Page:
Despite an expected progression of switchgrass establishment mimicking past observations of 40%, 60%, and at least 80% coverage annually beginning with the planting year, switchgrass establishment failed to achieve intended coverages at most installations. Variability in switchgrass establishment was expected during the first few years based on the typical progression of native warm season grass establishment during which most fields transition through a fallow field stage until achieving a preponderance of the planted species. All attempts were made throughout this effort to improve switchgrass establishment success including additional planting, plant competition control, and planting earlier in the growing season. Despite variable establishment, however, all switchgrass sites experienced plant community changes (i.e., extant turfgrass progressing to a mixture of grasses and broadleaf weeds with or without preponderance of switchgrass) and were managed as tall-grass plots with only one to two mowings per year when mowing was used as competition control or for haying.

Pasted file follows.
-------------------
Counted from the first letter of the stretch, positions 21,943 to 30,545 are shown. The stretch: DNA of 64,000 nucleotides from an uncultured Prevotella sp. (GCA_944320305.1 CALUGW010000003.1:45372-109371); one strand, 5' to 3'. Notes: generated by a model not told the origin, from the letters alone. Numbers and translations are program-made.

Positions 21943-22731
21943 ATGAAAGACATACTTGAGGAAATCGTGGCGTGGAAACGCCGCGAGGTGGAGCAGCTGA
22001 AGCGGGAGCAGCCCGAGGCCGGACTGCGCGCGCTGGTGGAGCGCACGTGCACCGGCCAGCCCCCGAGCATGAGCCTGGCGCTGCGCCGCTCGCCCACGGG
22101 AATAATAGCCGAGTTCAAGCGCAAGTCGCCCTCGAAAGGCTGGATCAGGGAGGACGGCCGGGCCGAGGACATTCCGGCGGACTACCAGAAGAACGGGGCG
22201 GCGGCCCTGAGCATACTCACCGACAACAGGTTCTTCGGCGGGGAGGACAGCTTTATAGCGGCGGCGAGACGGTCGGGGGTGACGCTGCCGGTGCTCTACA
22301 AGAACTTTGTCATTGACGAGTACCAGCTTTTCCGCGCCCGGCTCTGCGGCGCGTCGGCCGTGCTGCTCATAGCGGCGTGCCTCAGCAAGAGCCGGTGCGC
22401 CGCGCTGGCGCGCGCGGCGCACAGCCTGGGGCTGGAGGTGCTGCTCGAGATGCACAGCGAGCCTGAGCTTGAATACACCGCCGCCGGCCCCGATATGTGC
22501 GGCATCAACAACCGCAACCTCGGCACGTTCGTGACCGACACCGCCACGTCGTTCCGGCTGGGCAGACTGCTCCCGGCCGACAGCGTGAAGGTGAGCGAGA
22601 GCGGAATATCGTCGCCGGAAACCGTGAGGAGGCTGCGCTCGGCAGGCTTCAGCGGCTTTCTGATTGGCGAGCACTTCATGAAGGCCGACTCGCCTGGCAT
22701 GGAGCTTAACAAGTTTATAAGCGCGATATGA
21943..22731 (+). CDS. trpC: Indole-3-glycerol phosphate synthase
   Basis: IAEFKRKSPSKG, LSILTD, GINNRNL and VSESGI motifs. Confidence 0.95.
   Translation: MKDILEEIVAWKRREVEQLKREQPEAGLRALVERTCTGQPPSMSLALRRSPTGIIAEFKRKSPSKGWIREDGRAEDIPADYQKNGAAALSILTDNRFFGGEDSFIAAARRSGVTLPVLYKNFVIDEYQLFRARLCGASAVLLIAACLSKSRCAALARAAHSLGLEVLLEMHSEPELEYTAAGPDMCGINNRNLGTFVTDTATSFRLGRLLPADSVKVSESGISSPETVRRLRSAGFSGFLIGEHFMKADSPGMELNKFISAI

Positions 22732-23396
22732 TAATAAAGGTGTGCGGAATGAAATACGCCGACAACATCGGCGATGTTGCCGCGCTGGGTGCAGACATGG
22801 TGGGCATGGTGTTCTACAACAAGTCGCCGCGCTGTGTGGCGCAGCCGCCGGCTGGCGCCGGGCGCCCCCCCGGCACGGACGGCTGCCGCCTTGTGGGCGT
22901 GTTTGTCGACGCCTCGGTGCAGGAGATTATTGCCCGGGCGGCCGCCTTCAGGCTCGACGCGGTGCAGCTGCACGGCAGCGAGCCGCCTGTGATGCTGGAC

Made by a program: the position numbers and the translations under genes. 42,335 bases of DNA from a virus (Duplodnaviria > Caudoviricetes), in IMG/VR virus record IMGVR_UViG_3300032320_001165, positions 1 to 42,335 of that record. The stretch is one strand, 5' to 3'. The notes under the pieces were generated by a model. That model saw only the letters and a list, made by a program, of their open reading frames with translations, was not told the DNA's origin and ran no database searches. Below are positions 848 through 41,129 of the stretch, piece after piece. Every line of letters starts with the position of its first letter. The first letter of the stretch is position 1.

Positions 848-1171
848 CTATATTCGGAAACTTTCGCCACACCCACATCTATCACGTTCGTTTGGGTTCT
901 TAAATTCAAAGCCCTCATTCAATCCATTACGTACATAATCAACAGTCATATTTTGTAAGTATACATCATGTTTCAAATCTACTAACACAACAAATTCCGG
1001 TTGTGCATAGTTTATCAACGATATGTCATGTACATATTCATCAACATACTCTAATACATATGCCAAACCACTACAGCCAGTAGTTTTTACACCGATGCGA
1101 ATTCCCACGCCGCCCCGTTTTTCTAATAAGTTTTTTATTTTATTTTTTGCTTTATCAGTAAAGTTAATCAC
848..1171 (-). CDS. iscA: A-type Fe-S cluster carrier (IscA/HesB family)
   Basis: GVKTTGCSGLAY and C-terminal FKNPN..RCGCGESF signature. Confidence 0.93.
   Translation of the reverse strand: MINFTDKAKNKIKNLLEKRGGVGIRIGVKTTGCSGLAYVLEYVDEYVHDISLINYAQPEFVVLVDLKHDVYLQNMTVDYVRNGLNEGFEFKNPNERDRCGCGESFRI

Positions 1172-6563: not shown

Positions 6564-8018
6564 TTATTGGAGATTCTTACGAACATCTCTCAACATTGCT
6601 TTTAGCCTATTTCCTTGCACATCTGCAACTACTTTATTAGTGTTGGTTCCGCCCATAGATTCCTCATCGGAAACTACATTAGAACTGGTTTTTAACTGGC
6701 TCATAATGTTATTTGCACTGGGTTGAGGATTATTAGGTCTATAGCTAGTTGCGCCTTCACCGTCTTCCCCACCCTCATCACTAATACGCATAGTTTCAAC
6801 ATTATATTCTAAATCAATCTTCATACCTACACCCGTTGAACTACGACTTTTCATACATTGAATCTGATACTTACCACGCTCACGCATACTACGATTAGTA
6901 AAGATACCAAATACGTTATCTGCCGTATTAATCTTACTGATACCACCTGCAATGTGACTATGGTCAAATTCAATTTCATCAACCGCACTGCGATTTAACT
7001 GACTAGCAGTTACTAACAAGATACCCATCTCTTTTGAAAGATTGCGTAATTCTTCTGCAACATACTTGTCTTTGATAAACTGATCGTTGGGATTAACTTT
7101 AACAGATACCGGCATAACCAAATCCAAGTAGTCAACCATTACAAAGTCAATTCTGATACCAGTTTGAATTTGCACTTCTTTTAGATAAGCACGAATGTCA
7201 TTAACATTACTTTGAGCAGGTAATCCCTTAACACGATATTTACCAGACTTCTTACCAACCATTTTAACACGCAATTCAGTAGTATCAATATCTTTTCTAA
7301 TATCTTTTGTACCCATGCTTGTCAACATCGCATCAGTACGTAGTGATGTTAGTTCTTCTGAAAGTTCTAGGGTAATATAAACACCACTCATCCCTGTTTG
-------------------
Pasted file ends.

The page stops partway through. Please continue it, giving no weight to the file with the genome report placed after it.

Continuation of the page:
Bird responses varied substantially between breeding and non-breeding seasons, and whether assessed by installation or among installations. Overall, effect sizes (i.e., size of differences between switchgrass monocultures and controls) were small suggesting minimal differences in bird use between treatments. However, effect sizes did not meet minimum requirements for meeting defined success. Only two installations experienced significant cumulative hazard score responses to switchgrass establishment but were single year responses that conflicted between installations. Switchgrass establishment did not seem to cause any substantial increases or decreases in bird cumulative hazard scores between breeding and non-breeding seasons during the demonstration. Also, transitioning extant airfield grasslands to switchgrass monocultures did not cause substantial changes in bird use or hazards. Installation-specific mammal presence and responses also varied substantially. However, among year analysis suggested weak directional responses to switchgrass establishment with a slight decrease in coyote and deer use as switchgrass coverage increased. Overall, mammal responses suggest positive but weak support for establishing switchgrass at airfields and airports but did not meet performance objective success criteria. Some installation-specific investigations indicated beneficial outcomes of switchgrass establishment for reducing hazardous mammal use, but among-installation analysis suggested no overall effect.